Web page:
Tuesday, July 22, 2014

Seeking 'Seven Brides for Seven Brothers'

Milly (Jane Powell): Well, it wouldn't hurt you to learn some manners, too.

Adam (Howard Keel): What do I need manners for? I already got me a wife.

I think I must have seen "Seven Brides for Seven Brothers" on TV when I was small. It is just the kind of movie that my grandmother loved, and it is not a reach for me to imagine her watching it with my mother.

I have no distinct memory of that, and I could be wrong. But some of the shots — and the music that goes with them — are so familiar, it is as if, whenever I watch it, the movie is tapping on some mostly forgotten memory buried deep in my brain.

It's more than that, I suppose. The images of 19th–century Oregon in that movie match my mental picture of the Old West. But, for some reason, my picture of a pioneer woman isn't of Jane Powell. It is of Debbie Reynolds. Strange. Perhaps I am confusing "Seven Brides for Seven Brothers," which premiered 60 years ago today, with "How the West Was Won" in my mind?

Maybe someday I will remember — and it will all seem so obvious to me, as things often do in hindsight, why it has been lodged in my brain all these years. What was it, I would like to know, about "Seven Brides for Seven Brothers" that stood out for me? Was it the music?

Actually, none of the music in "Seven Brides for Seven Brothers" struck me as exceptional. None of the songs made the American Film Institute's list of the Top 100 movie songs of all time. The movie received five Oscar nominations; not one was for Best Song.

Yet AFI did rank the movie #21 among movie musicals.


People who know more about movie musicals than I do have told me "Seven Brides for Seven Brothers" is perhaps the best of MGM's musicals from the 1950s.

That is quite a claim, considering that MGM was synonymous with musical excellence, especially in the '50s with movies like "An American in Paris" and "Singin' in the Rain" earlier in the decade. "The Band Wagon," considered a classic today but hardly a blockbuster when it was at the theaters, came out a year before "Seven Brides for Seven Brothers."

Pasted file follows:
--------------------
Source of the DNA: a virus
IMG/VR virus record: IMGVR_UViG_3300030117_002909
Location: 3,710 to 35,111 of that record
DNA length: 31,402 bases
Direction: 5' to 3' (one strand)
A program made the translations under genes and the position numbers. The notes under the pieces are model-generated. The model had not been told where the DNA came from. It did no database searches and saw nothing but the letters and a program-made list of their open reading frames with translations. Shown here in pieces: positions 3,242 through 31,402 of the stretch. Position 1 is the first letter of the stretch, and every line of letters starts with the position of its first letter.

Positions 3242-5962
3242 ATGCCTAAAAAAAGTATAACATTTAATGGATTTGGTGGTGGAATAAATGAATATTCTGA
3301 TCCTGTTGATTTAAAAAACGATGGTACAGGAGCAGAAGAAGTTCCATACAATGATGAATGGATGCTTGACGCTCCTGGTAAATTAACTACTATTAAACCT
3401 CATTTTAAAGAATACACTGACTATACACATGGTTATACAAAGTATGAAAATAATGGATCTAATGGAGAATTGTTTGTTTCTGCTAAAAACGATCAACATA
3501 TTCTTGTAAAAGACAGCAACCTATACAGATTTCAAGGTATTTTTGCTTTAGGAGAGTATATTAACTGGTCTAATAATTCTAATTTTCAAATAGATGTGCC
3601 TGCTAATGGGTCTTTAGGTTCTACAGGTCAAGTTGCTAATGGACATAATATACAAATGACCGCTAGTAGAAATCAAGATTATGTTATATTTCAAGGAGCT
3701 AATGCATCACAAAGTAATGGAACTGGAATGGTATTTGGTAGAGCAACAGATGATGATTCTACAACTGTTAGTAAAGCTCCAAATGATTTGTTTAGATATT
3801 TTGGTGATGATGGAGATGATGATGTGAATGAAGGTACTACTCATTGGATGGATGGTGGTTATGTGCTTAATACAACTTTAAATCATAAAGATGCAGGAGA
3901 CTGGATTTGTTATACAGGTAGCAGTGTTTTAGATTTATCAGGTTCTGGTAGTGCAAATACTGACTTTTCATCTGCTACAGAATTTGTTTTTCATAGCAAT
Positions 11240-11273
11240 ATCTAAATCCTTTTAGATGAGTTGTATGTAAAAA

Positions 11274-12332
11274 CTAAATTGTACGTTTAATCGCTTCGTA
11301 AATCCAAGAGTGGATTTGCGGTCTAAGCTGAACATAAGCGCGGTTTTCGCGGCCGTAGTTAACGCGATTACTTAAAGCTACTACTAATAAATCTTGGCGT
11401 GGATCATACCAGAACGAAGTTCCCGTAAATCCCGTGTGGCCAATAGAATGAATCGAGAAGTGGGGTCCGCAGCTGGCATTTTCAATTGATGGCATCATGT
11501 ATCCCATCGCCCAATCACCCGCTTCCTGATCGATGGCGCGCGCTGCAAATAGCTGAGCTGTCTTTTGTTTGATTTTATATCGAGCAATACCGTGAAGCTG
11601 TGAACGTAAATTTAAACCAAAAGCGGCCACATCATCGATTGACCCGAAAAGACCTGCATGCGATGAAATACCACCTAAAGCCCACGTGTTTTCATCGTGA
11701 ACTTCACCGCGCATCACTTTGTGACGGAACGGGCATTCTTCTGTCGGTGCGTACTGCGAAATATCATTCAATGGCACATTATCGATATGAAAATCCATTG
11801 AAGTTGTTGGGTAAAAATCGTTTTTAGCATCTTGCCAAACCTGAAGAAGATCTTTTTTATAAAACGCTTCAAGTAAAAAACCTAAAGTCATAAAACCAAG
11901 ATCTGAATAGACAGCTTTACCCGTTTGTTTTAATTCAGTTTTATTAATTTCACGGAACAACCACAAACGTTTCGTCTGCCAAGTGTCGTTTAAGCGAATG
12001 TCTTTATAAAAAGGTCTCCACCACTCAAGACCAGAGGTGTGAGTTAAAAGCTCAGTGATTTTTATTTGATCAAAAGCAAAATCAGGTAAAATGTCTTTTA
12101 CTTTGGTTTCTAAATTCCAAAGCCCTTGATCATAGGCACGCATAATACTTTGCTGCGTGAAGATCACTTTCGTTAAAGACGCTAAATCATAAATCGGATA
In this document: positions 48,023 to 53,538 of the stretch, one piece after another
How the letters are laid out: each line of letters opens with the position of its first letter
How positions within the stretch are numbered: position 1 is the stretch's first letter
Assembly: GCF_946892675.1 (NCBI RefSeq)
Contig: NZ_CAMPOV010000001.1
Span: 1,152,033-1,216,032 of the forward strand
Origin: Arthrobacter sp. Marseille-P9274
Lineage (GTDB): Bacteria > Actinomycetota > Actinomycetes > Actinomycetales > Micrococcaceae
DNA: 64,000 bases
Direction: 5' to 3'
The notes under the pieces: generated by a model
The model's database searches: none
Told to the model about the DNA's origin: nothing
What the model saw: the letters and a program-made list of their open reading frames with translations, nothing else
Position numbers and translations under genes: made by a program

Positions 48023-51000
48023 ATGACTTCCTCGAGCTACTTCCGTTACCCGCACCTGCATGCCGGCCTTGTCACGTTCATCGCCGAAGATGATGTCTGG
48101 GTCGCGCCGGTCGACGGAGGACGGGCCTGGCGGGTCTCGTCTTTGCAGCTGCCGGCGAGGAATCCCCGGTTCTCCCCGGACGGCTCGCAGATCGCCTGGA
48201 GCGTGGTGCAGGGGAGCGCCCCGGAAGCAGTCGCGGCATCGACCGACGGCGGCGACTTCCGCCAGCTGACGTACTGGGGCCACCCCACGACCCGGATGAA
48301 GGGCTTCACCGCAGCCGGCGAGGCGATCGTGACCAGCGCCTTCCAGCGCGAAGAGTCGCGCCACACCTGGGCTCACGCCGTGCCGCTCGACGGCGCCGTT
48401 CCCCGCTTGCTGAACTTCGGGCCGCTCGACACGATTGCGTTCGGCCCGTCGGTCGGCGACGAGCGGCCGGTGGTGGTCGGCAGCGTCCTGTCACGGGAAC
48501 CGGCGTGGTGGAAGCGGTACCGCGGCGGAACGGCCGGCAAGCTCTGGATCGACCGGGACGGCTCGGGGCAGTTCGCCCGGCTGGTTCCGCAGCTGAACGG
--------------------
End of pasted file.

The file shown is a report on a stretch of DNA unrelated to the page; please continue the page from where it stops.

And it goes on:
It was a time when television was keeping more and more people away from the theaters. MGM released what is regarded as its last great musical, "Gigi," in 1958. The genre sputtered along through the '60s and '70s — fueled by other studios — and seemed to reach its zenith when "Chicago" won Best Picture in 2003.

The entertainment landscape was already shifting when audiences watched Powell and Howard Keel sing and dance in "Seven Brides for Seven Brothers."

The movie musical wasn't dead — but it was moving in that direction. To remain viable in the years ahead, musicals would have to be even more lavish, more outlandish. They would have to have a few tricks up their sleeves.

One trick was color. Color television was available in 1954 — but it was still new and very expensive. It was a real status symbol to own a color TV in those days.

Routine color programming of TV series was still more than a decade away. Meanwhile, more movies were being made in color.

To emphasize the color — and to differentiate between them — the seven brothers of the title wore differently colored shirts.

I have to concede that Keel and Powell were a good match on the screen, even if their relationship was a little odd. They met when Keel, the oldest of the seven brothers, came to town for supplies — and "get a wife" was on his to–do list.

Inexplicably, he did find a bride (Powell) and took her back to his rural home, which he shared with his six brothers. Powell not only met his brothers for the first time, she learned of their existence at the same time. And it became her mission to clean them up and make them presentable to court brides of their own.

Her character was also a bit of a feminist for that time. She resisted the idea that a wife was only good for cooking and cleaning.

And the dancing in "Seven Brides for Seven Brothers" was extraordinary — better than most, in my opinion. I suppose much of that was due to the fact that about half of the brothers were played by professional dancers. That paid some nice dividends in the barn–raising scene, which still has some of the most astonishingly athletic dance moves I have ever seen on film.

Unfortunately, co–star Julie Newmar, who did have professional dance training, was paired with one of the brothers who did not. Consequently, her character and her beau could be seen off to the side during some of the dance numbers. Her only dancing came with the other bride wannabes.

She went on to a certain amount of fame a decade later as the villain Catwoman on TV's Batman.